Bike To The Future – The Resurgence Of The Cargo Bike

Here at Mango Logistics Group, we pride ourselves on being one of the innovators in implementing green logistics in our everyday business. In this modern age of ever rising environmental awareness, where ‘living sustainably’ has become the new sexy, we have been paving the way long before it was fashionable. But please be advised that starting to go green at any stage is a massive achievement. If you have decided to go green for the future of this planet, you are now one of the good guys. If you re-use your old shopping bags, you’re super cool. And if you buy organically to save on unnecessary plastic waste, then everybody wants to sit at your lunch table, and rightly so. Good for you.

Emissions play a massive part in the extremely worrying and ever advancing case of Climate Change, and the burning of fossil fuels is scientifically proven, without any questionable doubt, the number one cause to date. Idling cars in never ending traffic, in overly congested cities, for hours on end are certainly doing no favours to the future of the o-zone layer, that’s for sure.

As the old saying goes; you cannot teach an old dog new tricks, but, seemingly, you do not have to. It appears one already had the answer to many modern-day problems. One that was born, right here in rainy old England, 134 years ago. And that old dog, is the Cargo Bike.

Invented in 1877 by James Stanley, the Cargo Bike (or box bike, as it was originally known) was a trike-like, 3 wheeled design with a box at forefront of the vehicle. Made from solid metal, the original design may well have been heavy, clumpy and very difficult to ride, but 11 years later in 1888, the addition of a chain, and tyres, to the design gave the driver the comfort of being seated more centrally, with more freedom to use the legs as pistons, thereby making the cycling experience far easier, and enjoyable, paving the way for the very modern Cargo Bike designs of today.

Although created right here in England, it made it’s name most famously in Europe, namely on the canal sides of Amsterdam, where it’s small and nifty design was far easier and efficient in navigating the limited amount of space available in smaller parts of the city. This was soon adopted by Copenhagen, and then Berlin, and very soon after, they were popular in cities all over Europe.

In the years that proceeded, many professions opted on using it’s utilitarian design to move goods around, from Bakers to Paper Boys, to Blacksmiths, and even parents transporting child. It’s design has been timeless, with not a great deal changing in the overall basic design, other than the normal modernisations through technological advances, of course.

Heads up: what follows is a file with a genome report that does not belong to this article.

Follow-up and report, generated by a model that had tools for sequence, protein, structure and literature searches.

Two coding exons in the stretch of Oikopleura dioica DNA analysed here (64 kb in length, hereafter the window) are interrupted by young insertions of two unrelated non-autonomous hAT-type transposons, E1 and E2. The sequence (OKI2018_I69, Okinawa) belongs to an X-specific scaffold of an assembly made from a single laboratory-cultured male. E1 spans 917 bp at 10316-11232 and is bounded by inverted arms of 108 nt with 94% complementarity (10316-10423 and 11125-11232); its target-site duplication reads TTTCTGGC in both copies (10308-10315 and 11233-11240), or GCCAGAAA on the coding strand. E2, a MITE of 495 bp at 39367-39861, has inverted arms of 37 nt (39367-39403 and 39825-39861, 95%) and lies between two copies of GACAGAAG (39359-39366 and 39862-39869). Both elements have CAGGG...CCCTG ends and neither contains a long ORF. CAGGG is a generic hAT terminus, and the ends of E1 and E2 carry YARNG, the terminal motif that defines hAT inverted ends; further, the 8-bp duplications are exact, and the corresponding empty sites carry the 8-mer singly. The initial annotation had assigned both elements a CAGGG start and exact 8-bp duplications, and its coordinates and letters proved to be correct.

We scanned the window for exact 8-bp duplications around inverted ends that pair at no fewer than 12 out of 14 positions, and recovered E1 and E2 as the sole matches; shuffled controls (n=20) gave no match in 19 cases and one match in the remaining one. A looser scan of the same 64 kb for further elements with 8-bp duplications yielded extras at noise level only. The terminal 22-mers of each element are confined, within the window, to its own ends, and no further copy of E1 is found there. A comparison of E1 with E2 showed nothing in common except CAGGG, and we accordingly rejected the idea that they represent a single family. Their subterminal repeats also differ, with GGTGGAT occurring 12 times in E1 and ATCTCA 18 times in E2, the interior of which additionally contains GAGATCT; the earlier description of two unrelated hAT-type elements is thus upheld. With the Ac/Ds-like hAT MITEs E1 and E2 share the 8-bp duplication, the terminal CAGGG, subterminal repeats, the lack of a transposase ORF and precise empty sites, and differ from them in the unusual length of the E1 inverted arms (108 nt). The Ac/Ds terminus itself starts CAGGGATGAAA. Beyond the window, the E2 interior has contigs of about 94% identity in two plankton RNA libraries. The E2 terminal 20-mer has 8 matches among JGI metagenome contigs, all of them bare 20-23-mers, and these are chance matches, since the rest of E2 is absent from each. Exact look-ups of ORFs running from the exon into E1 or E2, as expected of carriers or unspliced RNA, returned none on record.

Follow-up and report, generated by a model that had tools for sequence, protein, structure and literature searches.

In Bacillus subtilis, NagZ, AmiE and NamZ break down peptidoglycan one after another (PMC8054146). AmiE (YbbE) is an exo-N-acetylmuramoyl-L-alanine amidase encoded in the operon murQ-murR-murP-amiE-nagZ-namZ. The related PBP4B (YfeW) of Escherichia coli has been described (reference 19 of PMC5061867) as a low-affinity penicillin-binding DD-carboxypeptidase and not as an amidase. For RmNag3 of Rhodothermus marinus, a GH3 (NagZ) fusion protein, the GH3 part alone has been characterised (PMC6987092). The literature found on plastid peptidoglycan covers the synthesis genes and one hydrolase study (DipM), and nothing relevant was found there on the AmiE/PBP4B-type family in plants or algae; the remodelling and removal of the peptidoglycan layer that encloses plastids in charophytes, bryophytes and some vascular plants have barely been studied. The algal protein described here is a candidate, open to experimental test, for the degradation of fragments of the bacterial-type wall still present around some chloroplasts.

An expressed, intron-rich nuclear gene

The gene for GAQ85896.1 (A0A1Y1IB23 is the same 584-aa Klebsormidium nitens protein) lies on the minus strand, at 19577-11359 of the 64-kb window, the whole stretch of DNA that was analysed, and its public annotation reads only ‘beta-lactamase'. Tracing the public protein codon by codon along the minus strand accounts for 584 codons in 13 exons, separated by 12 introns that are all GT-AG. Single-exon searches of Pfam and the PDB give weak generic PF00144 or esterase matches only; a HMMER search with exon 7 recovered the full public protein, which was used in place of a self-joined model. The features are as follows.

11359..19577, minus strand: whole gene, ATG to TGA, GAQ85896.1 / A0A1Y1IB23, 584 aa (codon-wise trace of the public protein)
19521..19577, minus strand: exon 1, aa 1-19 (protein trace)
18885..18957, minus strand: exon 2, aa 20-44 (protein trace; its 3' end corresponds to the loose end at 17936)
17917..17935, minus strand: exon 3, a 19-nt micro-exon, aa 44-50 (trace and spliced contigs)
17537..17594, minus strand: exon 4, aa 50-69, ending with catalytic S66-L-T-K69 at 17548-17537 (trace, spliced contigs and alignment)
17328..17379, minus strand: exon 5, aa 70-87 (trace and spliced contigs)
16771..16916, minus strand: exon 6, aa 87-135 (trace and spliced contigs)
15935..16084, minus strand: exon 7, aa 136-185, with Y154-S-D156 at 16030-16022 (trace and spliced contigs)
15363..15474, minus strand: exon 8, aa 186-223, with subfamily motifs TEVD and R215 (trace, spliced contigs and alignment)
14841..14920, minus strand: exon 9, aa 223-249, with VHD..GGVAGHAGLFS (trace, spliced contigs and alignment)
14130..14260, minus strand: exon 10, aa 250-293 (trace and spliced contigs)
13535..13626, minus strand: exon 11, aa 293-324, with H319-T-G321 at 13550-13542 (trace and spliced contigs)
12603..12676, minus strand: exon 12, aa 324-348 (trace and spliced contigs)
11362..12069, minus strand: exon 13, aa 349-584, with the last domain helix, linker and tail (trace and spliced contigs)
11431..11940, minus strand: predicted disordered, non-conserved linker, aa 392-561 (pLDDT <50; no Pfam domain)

In recent years, the Cargo Bike has made ginormous waves by way of a resurgence in the logistics sector. The reliability of the van is being replaced by the emission-free Cargo Bike in huge numbers as the number one ‘green’ alternative. When it comes to inner-city deliveries, then it’s the delivery vehicle of the future (or the past, so to speak).

An array of supply chain experts correctly predicted a ‘cargo-bike boom’ in 2016, and boy were they right. As a brilliant example highlighted here; results gathered by a survey as part of the CityChangerCargoBike project, show that there was a 60% increase in the sale of Cargo Bikes across Europe in 2019. Even during the grip of the Coronavirus pandemic, at it’s worst in 2020, sales reached an incredible 53% increase on that of 2019. And with these percentages at hand, a projected sale of a further 43,600 units across the continent is expected by the end of 2021. Absolutely staggering numbers indeed.

Our activity at Mango Logistics Group continues to be centred around going greener with every mile we clock up. We have increased our Cargo Bike fleet by 65% alone in the past 10 months. We have acquired 5 new cargo bikes and 2 brand new electric vans to use in and around the city, lowering our emission output by no less than 70% in the last year alone and we are not stopping there. We aim to be operating a totally emission free fleet by the end of 2022 at the latest.